There's gold in them thar standards!

Someone rather more partial to Ron Paul's arguments in favor of the gold standard than I am asks me to write a post outlining my objections to it. All right, here goes.

Money is a mysterious thing. It is a store of value, it is a medium of exchange. It is, in a fiat currency economy, worth only what people think it is worth, and what they think it is worth can be oddly affected by what they think it may be worth in the future, resulting in self-fulfilling feedback loops (at least in the short term). Even in non-fiat currencies, such as the gold standard, the value of the underlying asset can be changed by rising (or shrinking) demand for money. Economists studying this fascinating topic tend to suffer from migraines as they suffer from all the mysterious--hell, nearly mystical--attributes of money.

However, over the last fifty years, economists have settled on some very broad areas of consensus. The first is, as famous libertarian monetary economist Milton Friedman wrote, "inflation is always and everywhere a monetary phenomenon". When the supply of money outstrips the demand, prices rise. And this is by no means limited to fiat currencies; see the great Spanish inflation of the 16th & 17th centuries, thanks to the steady influx of gold from the New World. Or check out the price of basic commodities in mining towns during the Gold Rush, when all anyone had was gold.

The second is that a little bit of inflation is okay--possibly even beneficial, since it helps the economy to overcome the problem of sticky wages when the relative value of labour has fallen. But a lot of inflation is very, very bad. Exhibit A is Zimbabwe; Exhibits B-∞ are every other economy that has had inflation near or above the double-digit mark; the higher the inflation, the worse the economy did. The feeling that the currency will experience an unpredictable amount of inflation dampens the willingness of the citizens to save and invest, which is why so many third-world loans are denominated in dollars.

The third is that deflation is also bad, and at the lower percentage values, often even worse than inflation. This surprises/offends/meets with the frank disbelief of many "sound money" types, who think that, barring local shortage, in an ideal world everything ought to cost the same or less than it did when Grandpa was a boy. (These sorts of opinions are cemented further by the fact that Grandpa, who is often the source of them, is usually living on a fixed income, and therefore feels that he would make out better in a deflationary economy.) The problem is, deflation does rather devastating things to anyone who has debt, since they now have to repay what they borrowed in more expensive dollars. Deflation means that, thanks to the abovementioned sticky wages, the economy has to deal with demand shocks by lowering output. Deflation can result in what's known as a liquidity trap, a concept pioneered by liberal economist John Maynard Keynes and best elucidated by liberal economist Paul Krugman back before he left economics writing to focus on his hatred of George W. Bush. Deflation is what made the Great Depression so memorable. Deflation is so bad that almost everyone agrees that moderate inflation, in the range of 1-2%, is better than risking even a small amount of deflation.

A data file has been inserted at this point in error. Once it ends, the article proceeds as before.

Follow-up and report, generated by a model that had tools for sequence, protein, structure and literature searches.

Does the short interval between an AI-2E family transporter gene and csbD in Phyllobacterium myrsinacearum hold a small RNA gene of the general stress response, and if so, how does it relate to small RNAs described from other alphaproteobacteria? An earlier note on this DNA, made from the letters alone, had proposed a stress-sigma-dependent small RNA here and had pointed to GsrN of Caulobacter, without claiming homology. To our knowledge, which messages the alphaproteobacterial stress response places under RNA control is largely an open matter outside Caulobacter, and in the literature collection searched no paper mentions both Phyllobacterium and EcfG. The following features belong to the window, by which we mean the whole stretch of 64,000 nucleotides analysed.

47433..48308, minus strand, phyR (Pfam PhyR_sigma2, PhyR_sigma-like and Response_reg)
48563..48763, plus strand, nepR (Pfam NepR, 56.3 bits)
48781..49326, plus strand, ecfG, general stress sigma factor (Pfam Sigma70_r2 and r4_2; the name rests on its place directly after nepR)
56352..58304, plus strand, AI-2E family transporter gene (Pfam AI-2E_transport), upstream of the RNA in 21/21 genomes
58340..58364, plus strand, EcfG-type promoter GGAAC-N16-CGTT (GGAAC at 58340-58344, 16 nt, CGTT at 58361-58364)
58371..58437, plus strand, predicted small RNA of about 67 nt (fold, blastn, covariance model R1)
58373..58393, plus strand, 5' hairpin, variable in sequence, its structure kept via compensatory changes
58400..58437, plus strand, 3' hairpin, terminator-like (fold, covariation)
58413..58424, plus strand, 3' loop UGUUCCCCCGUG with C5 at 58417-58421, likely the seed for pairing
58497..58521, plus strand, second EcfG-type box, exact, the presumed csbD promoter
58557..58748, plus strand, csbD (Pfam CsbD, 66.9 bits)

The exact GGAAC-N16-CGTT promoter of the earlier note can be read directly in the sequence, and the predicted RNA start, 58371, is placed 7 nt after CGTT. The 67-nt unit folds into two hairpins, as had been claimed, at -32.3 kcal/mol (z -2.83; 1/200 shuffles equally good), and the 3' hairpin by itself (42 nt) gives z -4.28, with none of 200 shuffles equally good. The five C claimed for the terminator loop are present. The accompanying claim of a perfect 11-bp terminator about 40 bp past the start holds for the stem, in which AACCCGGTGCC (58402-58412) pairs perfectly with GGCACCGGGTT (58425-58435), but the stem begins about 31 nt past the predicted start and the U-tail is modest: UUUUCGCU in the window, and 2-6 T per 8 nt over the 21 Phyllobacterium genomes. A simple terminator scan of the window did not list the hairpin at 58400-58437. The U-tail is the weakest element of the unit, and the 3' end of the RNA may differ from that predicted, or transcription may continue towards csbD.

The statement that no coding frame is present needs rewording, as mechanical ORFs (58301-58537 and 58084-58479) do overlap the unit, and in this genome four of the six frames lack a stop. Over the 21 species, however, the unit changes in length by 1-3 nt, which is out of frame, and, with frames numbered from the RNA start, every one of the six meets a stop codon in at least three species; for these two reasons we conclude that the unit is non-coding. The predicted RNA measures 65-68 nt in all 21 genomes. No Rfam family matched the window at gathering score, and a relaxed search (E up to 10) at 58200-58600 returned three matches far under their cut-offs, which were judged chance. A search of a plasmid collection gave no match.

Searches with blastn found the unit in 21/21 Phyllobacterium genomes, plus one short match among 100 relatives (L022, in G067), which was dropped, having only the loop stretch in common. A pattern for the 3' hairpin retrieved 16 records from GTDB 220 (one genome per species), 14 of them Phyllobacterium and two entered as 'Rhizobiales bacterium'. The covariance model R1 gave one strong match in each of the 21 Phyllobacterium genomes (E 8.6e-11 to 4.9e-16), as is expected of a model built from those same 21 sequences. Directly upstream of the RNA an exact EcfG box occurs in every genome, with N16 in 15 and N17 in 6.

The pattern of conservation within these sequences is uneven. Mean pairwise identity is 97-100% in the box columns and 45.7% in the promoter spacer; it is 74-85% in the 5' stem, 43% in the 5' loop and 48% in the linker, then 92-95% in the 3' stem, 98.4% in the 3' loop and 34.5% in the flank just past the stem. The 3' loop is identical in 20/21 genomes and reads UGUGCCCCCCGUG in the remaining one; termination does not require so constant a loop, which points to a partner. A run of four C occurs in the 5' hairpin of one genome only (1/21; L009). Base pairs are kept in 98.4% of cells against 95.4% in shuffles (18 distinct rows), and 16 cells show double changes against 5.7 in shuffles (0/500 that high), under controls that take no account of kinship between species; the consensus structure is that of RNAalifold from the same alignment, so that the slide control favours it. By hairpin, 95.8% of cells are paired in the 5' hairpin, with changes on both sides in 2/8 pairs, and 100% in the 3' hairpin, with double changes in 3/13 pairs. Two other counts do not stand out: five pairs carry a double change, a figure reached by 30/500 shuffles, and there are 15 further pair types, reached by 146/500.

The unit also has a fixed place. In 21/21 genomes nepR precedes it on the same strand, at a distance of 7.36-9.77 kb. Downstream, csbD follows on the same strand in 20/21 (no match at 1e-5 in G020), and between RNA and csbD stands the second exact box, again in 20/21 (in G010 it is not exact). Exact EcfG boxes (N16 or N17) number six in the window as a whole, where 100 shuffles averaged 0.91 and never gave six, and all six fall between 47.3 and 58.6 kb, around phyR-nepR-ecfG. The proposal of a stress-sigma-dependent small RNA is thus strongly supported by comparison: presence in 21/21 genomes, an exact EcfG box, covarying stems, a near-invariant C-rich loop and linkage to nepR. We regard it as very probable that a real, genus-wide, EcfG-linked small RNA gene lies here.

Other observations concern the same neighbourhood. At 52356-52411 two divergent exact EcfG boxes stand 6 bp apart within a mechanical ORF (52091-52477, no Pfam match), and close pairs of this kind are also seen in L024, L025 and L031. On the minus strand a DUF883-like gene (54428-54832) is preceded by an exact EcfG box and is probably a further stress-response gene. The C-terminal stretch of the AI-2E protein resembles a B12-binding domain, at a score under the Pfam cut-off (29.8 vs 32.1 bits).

Advocates of a gold standard dispute this. They argue that America experienced a long, slow deflation throughout most of the 19th century, without anyone getting hurt. What they neglect to mention is that people did get hurt, repeatedly, in the period's awful financial contractions. Though we don't have modern economic statistics for the period, it's pretty clear that recessions were longer and deeper than they are now.

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Megan McArdle is a columnist at Bloomberg View and a former senior editor at The Atlantic. Her new book is The Up Side of Down.

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